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Gum health may influence smile patterns

Need a good reason to have a big smile?

Having healthy teeth and gums may increase the quality of life and help you find a smile, a study published in the Journal of Periodontology suggests.

Researchers found evidence that periodontal disease affects how people smile. They concluded that periodontal disease might negatively affect peoples' smiling habits and even discourage them from displaying positive emotions with a smile.

"Since periodontal disease is prevalent in such a large number of adults, we sought to investigate if the disease affects a person's smiling behavior," said study author Dr. Marita R. Inglehart. "Smiling plays a significant and essential role in overall well-being. Previous findings suggest that smiling can affect social interactions, self-confidence and can influence how people perceive one another."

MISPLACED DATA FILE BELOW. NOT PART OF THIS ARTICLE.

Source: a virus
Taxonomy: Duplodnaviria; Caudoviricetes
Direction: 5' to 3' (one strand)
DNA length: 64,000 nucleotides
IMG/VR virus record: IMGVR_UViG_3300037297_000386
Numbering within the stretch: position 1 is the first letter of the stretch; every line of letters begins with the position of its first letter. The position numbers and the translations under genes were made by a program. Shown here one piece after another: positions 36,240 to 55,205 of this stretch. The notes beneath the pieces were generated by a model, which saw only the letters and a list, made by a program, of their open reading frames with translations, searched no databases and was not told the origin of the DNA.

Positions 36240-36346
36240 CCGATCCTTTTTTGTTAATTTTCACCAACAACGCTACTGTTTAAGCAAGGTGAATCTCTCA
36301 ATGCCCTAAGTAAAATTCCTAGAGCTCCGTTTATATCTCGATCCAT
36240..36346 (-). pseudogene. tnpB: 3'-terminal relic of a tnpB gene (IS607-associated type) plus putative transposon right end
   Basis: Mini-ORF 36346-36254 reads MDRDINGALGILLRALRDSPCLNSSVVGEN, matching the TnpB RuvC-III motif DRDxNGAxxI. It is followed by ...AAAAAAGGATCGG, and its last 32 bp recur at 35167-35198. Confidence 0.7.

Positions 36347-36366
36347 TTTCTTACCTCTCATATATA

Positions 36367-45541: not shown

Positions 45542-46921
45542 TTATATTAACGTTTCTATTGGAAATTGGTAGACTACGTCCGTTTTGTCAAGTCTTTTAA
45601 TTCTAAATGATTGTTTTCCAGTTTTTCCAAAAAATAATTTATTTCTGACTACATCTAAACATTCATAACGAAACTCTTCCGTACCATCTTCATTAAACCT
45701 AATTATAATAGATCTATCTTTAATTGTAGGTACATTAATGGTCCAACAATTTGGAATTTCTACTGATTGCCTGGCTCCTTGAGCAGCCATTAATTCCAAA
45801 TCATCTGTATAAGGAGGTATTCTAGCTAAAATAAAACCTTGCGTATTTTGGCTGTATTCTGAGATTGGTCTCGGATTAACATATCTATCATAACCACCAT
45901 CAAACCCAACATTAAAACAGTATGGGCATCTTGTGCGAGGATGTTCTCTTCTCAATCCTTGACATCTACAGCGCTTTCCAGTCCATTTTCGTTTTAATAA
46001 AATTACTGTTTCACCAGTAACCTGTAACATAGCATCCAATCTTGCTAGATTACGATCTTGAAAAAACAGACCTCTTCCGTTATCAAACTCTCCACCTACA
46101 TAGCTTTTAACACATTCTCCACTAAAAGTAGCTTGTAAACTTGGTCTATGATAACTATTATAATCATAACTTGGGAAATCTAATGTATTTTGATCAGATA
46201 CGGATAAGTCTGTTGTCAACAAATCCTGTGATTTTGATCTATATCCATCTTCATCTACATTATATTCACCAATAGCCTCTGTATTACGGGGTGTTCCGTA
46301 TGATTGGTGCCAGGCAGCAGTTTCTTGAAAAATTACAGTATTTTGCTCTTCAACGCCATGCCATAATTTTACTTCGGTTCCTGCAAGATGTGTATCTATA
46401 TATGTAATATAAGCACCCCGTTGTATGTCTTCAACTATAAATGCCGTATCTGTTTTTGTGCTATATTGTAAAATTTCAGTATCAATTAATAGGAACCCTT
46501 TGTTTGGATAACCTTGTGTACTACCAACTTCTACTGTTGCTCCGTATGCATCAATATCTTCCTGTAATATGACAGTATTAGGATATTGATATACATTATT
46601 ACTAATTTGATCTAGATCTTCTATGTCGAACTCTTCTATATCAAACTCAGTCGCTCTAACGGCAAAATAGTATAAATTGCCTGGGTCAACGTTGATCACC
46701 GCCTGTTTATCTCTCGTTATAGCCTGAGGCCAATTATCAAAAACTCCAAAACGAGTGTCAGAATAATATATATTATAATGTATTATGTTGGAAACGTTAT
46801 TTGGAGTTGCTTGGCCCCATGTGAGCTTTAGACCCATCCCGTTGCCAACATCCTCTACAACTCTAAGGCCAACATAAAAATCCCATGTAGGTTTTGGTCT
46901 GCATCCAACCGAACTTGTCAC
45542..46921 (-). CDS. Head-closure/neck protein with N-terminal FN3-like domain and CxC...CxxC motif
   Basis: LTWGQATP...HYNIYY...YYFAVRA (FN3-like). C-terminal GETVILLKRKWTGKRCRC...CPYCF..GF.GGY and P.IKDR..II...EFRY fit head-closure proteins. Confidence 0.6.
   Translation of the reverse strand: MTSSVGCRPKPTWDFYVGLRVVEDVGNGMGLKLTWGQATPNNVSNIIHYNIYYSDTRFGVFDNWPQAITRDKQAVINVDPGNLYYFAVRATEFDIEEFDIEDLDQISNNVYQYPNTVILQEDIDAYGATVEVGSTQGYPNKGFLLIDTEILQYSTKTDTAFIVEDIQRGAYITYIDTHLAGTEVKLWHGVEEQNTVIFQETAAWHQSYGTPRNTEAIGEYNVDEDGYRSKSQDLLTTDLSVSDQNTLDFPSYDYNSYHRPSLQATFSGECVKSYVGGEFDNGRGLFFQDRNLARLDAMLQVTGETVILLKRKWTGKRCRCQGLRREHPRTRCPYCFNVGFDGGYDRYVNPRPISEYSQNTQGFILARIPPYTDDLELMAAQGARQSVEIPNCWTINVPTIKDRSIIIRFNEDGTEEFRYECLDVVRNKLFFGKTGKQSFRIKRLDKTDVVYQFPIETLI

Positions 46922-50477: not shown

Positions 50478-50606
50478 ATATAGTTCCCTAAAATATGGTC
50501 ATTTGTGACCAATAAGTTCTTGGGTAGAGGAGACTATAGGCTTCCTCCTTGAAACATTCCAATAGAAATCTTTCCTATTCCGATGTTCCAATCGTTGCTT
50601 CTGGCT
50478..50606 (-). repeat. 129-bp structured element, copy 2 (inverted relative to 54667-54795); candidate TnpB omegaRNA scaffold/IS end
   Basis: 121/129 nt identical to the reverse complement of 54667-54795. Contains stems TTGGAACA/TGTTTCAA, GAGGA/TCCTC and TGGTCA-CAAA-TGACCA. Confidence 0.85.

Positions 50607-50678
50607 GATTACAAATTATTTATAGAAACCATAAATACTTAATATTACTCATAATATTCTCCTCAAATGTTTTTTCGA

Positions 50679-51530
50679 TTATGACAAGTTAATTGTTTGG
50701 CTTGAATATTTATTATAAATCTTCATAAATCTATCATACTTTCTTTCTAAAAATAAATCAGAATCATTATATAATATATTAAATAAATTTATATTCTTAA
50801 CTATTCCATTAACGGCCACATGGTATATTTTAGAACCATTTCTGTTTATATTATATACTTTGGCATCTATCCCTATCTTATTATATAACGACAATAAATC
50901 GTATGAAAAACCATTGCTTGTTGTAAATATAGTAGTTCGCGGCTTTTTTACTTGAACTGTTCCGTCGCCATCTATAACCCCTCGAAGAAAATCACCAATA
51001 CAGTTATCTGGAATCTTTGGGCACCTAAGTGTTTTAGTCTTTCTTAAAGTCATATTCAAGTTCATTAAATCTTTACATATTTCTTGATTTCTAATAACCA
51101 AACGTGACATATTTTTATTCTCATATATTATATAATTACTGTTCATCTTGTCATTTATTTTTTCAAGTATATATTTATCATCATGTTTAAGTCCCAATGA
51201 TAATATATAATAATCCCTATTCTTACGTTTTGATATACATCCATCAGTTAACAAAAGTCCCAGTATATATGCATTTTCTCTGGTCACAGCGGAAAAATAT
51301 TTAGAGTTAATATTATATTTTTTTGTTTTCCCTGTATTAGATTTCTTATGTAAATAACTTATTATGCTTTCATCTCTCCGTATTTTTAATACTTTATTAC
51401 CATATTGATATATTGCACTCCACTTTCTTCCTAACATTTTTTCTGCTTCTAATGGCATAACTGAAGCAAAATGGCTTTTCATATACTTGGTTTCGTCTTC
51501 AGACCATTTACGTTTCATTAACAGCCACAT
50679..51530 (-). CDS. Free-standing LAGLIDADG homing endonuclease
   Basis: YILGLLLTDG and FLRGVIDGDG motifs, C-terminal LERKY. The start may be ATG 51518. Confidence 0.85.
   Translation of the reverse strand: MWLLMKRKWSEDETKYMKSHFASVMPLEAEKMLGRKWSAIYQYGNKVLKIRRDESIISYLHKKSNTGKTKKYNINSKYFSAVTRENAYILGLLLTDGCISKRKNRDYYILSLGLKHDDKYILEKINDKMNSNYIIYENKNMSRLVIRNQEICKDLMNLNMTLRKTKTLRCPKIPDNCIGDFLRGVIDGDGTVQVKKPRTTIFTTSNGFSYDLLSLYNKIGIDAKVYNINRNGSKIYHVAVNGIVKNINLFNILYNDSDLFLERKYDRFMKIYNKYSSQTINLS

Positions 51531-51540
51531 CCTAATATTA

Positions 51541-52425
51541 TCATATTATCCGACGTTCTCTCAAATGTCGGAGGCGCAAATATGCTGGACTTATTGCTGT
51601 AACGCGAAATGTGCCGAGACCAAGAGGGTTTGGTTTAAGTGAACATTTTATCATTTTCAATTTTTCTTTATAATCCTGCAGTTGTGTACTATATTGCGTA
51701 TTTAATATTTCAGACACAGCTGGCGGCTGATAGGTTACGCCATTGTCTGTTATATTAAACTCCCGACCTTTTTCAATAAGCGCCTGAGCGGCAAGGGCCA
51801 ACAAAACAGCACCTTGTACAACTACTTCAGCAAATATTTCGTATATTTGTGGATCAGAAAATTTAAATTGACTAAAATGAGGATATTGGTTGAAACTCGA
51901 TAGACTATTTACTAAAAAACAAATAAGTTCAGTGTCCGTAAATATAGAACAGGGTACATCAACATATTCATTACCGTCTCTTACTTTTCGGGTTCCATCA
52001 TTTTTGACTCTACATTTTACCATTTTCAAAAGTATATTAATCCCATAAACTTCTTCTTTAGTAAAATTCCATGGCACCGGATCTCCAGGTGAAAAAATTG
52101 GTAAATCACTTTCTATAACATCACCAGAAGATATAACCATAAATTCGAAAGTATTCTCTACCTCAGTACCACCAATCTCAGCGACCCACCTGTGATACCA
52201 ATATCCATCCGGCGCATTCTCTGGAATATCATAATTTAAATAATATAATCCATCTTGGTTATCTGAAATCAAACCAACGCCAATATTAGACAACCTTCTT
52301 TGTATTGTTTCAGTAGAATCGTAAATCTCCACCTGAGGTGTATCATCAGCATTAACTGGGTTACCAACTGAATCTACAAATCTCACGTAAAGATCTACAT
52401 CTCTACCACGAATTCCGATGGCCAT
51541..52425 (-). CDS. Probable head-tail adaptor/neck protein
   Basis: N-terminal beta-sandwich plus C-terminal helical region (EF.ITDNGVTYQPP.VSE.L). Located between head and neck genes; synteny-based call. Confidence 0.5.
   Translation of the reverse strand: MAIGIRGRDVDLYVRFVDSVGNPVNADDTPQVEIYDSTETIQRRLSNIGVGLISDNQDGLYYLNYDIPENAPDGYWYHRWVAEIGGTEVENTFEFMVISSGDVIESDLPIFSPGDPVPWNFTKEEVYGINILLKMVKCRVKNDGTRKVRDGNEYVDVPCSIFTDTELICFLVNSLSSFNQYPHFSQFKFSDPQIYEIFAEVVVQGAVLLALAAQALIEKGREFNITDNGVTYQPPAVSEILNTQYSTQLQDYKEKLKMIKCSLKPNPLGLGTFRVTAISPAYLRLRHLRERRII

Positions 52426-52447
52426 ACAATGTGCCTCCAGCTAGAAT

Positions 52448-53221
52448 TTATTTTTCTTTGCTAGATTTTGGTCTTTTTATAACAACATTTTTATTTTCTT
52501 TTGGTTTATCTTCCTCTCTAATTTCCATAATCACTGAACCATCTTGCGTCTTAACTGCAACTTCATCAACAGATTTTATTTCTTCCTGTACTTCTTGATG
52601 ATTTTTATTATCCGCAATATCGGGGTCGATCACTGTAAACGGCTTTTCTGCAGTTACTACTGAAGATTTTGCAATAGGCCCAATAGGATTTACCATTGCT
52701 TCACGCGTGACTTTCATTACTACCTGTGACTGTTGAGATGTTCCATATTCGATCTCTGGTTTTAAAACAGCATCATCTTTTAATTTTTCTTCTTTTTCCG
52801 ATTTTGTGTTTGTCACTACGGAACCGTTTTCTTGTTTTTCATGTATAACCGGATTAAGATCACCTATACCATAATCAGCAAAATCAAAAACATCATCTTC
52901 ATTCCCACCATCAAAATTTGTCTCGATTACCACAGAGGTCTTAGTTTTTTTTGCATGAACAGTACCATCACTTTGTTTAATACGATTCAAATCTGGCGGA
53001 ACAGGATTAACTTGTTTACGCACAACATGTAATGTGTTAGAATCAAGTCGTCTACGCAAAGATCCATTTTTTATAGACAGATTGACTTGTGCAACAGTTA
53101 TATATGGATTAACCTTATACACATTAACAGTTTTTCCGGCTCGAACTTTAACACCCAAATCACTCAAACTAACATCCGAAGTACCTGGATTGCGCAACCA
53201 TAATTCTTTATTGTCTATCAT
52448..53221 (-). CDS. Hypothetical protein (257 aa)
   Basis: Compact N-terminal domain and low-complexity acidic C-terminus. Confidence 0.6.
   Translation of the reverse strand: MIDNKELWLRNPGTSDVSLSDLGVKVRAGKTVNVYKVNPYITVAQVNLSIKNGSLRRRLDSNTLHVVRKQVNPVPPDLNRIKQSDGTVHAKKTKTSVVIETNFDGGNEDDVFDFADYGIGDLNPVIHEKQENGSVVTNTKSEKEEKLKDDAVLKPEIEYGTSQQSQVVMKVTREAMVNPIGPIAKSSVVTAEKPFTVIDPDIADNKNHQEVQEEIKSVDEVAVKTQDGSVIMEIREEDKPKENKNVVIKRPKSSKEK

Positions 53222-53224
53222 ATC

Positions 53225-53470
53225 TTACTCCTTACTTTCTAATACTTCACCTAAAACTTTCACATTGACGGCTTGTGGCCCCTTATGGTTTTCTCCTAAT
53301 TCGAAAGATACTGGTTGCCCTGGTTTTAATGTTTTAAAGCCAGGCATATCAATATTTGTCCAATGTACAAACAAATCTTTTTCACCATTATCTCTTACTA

Conducted at the University of Michigan, the study evaluated the smiling patterns of 21 periodontal patients as they viewed a segment of a comedy program. At predetermined points throughout the segment the researchers assessed three dimensions of the patients' smile: the horizontal width of the mouth, the open width of the mouth and the number of teeth shown.

In addition, the researchers noted the number of times patients covered their mouths while watching the segment. Patients' individual perceptions of how their quality of life is affected by their oral health were also considered. The data were then evaluated along with a clinical exam of patients' periodontal health.

The more symptoms of periodontal disease found in the study subjects' mouths, such as periodontal pockets between four-to-six millimeters deep or loose or moving teeth, the more likely they were to cover their mouths when smiling or to limit how widely they opened their mouths during a smile.

In addition, the more gum recession a patient had, the fewer teeth he or she showed when smiling. The way patients perceived their quality of life as a result of their oral health was also significantly correlated with the number of teeth affected by periodontal disease.

Please contact the ADA if you have questions about this article.

©2010 American Dental Association. All rights reserved. Reproduction or republication is strictly prohibited without the prior written permission from the American Dental Association.

4/7/2008

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